Horizontal velocity gradients of a flow field and the related kinematic properties (KPs) of divergence, vorticity, and strain rate can be estimated from dense drifter deployments. E.g., the spatio-temporal average divergence (and other KPs) over a triangular area defined by three drifters and over a given time interval can be computed from the initial and final areas of said triangle. Unfortunately, this computation can be subject to large errors, especially when the triangle shape is far from equilateral. Therefore, samples with small aspect ratios are generally discarded. Here we derive the thresholds on two shape metrics that optimize the balance between retention of good and removal of bad divergence estimates. The primary tool is a high-resolution regional ocean model simulation, where a baseline for the average divergence can be established, so that actual errors are available. A value of 0.2 for the scaled aspect ratio Λ and a value of 0.86π for the largest interior angle θ are found to be equally effective thresholds, especially at scales of 5 km and below. While discarding samples with low Λ or high θ values necessarily biases the distribution of divergence estimates slightly toward positive values, this bias is small compared to (and in the opposite direction of) the Lagrangian sampling bias due to drifters preferably sampling convergence regions. Errors due to position uncertainty are suppressed by the shape-based subsampling. The subsampling also improves the identification of the areas of extreme divergence or convergence. An application to an observational dataset demonstrates that these model-derived thresholds can be effectively used on actual drifter data.

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Daoxun Sun, Annalisa Bracco, Roy Barkan, Maristella Berta, Daniel Dauhajre, M. Jeroen Molemaker, Jun Choi, Guangpeng Liu, Annalisa Griffa, and James C. McWilliams

Abstract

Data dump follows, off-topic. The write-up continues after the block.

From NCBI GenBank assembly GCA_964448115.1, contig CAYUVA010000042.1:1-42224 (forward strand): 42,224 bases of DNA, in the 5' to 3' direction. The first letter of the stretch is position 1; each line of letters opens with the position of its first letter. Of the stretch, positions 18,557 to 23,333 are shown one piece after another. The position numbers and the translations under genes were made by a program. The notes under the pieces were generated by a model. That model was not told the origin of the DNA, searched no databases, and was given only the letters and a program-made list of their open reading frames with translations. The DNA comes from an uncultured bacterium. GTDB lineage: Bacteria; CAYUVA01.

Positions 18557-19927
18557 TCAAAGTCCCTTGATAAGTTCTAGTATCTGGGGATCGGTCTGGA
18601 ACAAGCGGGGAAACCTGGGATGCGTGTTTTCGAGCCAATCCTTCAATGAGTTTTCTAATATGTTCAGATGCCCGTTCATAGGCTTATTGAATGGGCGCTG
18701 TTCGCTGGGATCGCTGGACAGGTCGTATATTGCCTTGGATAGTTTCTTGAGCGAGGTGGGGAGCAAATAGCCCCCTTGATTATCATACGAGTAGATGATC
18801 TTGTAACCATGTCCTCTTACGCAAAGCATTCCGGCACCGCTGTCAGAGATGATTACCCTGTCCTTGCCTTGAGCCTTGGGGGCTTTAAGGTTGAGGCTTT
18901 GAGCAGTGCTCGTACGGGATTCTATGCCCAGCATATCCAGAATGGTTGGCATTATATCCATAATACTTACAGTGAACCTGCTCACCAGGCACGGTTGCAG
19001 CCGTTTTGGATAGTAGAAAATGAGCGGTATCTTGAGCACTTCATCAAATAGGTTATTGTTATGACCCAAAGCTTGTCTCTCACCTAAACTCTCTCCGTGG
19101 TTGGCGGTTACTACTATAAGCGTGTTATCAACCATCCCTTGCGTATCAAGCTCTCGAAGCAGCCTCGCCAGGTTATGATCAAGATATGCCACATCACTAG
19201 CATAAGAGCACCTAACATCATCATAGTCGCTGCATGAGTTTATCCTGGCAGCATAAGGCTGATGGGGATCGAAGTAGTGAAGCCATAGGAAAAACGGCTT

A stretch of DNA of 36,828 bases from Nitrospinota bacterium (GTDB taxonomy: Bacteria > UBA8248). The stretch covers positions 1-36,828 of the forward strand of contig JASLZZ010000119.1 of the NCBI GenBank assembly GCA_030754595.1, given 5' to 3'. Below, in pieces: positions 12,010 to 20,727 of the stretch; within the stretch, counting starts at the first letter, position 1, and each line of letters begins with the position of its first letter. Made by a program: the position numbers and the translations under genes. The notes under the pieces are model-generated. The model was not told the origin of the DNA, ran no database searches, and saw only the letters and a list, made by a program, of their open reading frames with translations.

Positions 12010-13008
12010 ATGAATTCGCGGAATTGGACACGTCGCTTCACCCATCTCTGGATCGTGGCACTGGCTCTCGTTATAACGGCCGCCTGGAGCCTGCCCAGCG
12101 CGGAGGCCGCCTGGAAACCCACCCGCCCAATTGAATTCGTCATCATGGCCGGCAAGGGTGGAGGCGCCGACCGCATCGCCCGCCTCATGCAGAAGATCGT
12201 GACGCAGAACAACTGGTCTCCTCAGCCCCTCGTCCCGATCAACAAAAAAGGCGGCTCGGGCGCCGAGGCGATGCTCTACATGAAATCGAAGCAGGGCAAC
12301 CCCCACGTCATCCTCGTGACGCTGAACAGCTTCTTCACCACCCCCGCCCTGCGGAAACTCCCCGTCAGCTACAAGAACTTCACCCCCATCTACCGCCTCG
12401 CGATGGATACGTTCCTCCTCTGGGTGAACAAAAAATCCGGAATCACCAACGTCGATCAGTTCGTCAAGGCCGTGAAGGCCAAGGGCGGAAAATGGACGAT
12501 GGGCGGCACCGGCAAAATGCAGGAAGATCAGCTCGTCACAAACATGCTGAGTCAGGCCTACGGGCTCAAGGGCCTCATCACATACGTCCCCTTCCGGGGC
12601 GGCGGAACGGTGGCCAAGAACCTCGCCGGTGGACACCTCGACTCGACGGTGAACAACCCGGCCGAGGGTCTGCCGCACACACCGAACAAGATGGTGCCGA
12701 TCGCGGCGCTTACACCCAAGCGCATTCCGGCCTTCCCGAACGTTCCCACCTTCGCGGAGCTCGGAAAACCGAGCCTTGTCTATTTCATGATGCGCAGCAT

The diurnal cycling of submesoscale circulations in vorticity, divergence, and strain is investigated using drifter data collected as part of the Lagrangian Submesoscale Experiment (LASER) experiment, which took place in the northern Gulf of Mexico during winter 2016, and ROMS simulations at different resolutions and degree of realism. The first observational evidence of a submesoscale diurnal cycle is presented. The cycling is detected in the LASER data during periods of weak winds, whereas the signal is obscured during strong wind events. Results from ROMS in the most realistic setup and in sensitivity runs with idealized wind patterns demonstrate that wind bursts disrupt the submesoscale diurnal cycle, independently of the time of day at which they happen. The observed and simulated submesoscale diurnal cycle supports the existence of a shift of approximately 1–3 h between the occurrence of divergence and vorticity maxima, broadly in agreement with theoretical predictions. The amplitude of the modeled signal, on the other hand, always underestimates the observed one, suggesting that even a horizontal resolution of 500 m is insufficient to capture the strength of the observed variability in submesoscale circulations. The paper also presents an evaluation of how well the diurnal cycle can be detected as function of the number of Lagrangian particles. If more than 2000 particle triplets are considered, the diurnal cycle is well captured, but for a number of triplets comparable to that of the LASER analysis, the reconstructed diurnal cycling displays high levels of noise both in the model and in the observations.